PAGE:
Fungus found in Norfolk is a world first
PUBLISHED: 09:53 28 March 2015 | UPDATED: 09:53 28 March 2015
They might look like fun guys but they are in fact “a new species for the world” – and they have been found in Norfolk.
The curious man-shaped appearance of earthstar fungi has long fascinated naturalists, with Norfolk the only place in the country where all 17 species have been recorded.
But that has just become 18 after the discovery of a brand new species which was collected at Cockley Cley, in west Norfolk, which differed slightly from the rare rayed earthstar.
It was discovered back in 2000 by Jonathan Revett, a member of the Norfolk and Norwich Naturalists Society, while he was out rambling in the woods but was initially thought to just be a variant.
But recent re-examination and DNA sequence analysis has enabled mycologists in Spain to describe it as an, until now, unknown species which has been given the name geastrum britannicum to recognise that it has only been found in Britain.
Since Mr Revett’s original find, three more specimens have been collected in Norfolk and the fungus has also been found in Hampshire and the Welsh Borders.
Carl Chapman, of Norfolk-based Wildlife Tours and Education, said: “This is riveting stuff. This is not just a new species for Norfolk – this is a new species for the world.”
The species has been revealed 15 years after it was first collected because samples of the fungus were also sent Kew Gardens who were contacted by mycologists in Spain who were looking to conduct DNA analysis.
Mr Chapman said: “They were doing the work and requested some samples of this fungus and found the DNA was different.”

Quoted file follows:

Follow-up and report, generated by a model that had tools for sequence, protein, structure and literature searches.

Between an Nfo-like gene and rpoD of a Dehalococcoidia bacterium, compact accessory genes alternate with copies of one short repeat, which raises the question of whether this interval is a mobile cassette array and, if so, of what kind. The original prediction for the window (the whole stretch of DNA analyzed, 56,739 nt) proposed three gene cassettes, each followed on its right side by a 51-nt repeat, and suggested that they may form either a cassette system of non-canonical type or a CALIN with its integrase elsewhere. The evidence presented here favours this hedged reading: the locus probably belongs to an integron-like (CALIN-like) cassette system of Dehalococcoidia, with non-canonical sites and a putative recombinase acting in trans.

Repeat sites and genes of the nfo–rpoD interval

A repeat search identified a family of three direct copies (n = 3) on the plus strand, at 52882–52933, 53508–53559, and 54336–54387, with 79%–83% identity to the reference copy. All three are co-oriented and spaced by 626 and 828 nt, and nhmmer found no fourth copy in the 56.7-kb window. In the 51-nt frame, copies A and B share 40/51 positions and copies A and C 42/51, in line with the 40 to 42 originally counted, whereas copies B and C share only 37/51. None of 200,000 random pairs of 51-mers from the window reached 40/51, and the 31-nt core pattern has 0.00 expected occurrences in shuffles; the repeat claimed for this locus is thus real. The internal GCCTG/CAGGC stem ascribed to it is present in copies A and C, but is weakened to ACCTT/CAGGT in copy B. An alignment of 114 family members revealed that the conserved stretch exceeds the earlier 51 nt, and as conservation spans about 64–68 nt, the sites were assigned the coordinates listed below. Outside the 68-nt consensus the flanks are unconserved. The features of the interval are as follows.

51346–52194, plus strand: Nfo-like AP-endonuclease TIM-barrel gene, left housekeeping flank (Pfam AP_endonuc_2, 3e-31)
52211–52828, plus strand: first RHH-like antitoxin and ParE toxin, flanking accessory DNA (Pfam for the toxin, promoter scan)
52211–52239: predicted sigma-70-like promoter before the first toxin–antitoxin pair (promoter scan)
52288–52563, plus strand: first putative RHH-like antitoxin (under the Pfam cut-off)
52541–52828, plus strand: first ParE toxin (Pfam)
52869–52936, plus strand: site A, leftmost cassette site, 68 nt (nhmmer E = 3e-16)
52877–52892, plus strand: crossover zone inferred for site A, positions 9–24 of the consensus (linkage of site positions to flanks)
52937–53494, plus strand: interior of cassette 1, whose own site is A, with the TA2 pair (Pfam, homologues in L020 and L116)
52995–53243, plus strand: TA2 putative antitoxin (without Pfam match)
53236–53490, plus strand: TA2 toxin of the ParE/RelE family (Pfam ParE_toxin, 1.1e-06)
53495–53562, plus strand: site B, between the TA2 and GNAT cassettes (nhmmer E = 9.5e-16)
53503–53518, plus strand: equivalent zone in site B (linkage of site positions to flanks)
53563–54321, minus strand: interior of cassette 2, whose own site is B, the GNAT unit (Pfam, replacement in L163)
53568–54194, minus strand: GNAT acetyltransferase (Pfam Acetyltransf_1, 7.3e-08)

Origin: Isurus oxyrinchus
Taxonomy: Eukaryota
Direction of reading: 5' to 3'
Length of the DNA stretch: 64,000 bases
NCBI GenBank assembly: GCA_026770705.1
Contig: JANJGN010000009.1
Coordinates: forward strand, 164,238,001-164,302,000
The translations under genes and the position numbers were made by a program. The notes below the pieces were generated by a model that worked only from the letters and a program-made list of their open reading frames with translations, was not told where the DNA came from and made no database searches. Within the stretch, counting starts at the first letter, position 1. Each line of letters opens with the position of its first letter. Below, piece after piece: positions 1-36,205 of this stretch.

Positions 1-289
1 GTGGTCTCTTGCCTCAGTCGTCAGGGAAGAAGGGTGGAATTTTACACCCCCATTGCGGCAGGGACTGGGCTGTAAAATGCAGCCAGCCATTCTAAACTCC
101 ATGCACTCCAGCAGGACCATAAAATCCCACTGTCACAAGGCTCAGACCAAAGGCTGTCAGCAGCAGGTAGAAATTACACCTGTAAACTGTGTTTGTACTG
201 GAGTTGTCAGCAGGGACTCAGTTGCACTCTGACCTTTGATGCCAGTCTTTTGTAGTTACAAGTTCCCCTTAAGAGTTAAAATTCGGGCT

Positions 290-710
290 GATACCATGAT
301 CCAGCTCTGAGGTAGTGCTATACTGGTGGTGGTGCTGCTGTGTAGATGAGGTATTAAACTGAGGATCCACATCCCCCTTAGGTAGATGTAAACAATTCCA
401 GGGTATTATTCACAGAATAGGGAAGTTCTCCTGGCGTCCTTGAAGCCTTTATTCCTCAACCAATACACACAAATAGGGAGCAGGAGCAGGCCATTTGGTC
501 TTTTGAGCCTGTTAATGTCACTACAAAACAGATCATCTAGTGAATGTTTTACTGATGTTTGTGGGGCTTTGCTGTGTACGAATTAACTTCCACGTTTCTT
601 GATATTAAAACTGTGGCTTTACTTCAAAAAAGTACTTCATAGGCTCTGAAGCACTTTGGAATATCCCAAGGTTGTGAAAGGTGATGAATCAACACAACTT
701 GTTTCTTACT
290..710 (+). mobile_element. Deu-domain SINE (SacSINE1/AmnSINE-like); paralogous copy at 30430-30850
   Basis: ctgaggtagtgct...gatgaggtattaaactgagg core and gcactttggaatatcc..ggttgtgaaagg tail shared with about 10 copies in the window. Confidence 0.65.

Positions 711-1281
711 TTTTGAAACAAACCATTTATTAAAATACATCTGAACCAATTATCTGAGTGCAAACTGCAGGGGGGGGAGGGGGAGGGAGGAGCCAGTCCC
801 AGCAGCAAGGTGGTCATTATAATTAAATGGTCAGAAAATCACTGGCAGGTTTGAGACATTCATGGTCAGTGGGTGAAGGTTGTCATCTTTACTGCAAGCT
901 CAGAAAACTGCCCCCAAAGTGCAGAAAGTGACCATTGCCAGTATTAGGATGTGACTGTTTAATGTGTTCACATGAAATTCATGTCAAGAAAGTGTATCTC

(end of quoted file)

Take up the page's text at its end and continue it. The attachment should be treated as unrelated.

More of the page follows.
Tony Leech, chairman of the Norwich and Norfolk Naturalists Society and Norfolk’s Fungi recorder, said it was a very rare find.
He said: “This is not just a new species of fungus for Norfolk or for Britain. It is new to science.”
It is not the first time a rare fungus has been found in the county.
In 2013 oak polypore (buglossoporus pulvinus) was found growing out of an oak tree at Wymondham College. It is only the third time the fungus has been recorded in Norfolk.
Speaking in September 2013, Andy Gardiner, senior science technician who noticed the fungus as he was driving home, said: “I am always on the lookout for things and I could see fungus growing out of a tree. I noticed it because it was a bright yellow colour. We thought it might be an oak polypore and sent a photo to the county recorder.
“We are going to have to put some kind of mesh over the top to stop the children getting to it. It’s quite close to the football pitches.”
In June 2012, a rare fungus with potential medical benefits was rediscovered on pony dung on heathland in Thetford Forest.
Previously, it was only known to exist in the New Forest and researchers are baffled by the discovery made during a routine inspection in Thetford Forest.
Forestry Commission ecologists said they were delighted because its presence also shows heathland restoration and grazing by ponies can create the perfect conditions for the fungus. The nail fungus, called poronia punctata, had not been recorded in the county since 1944.
And in 2010 it was believed the hoof fungus, a rare tree fungus which existed in Norfolk thousands of years ago, might be making a comeback after there were several sightings in the county.
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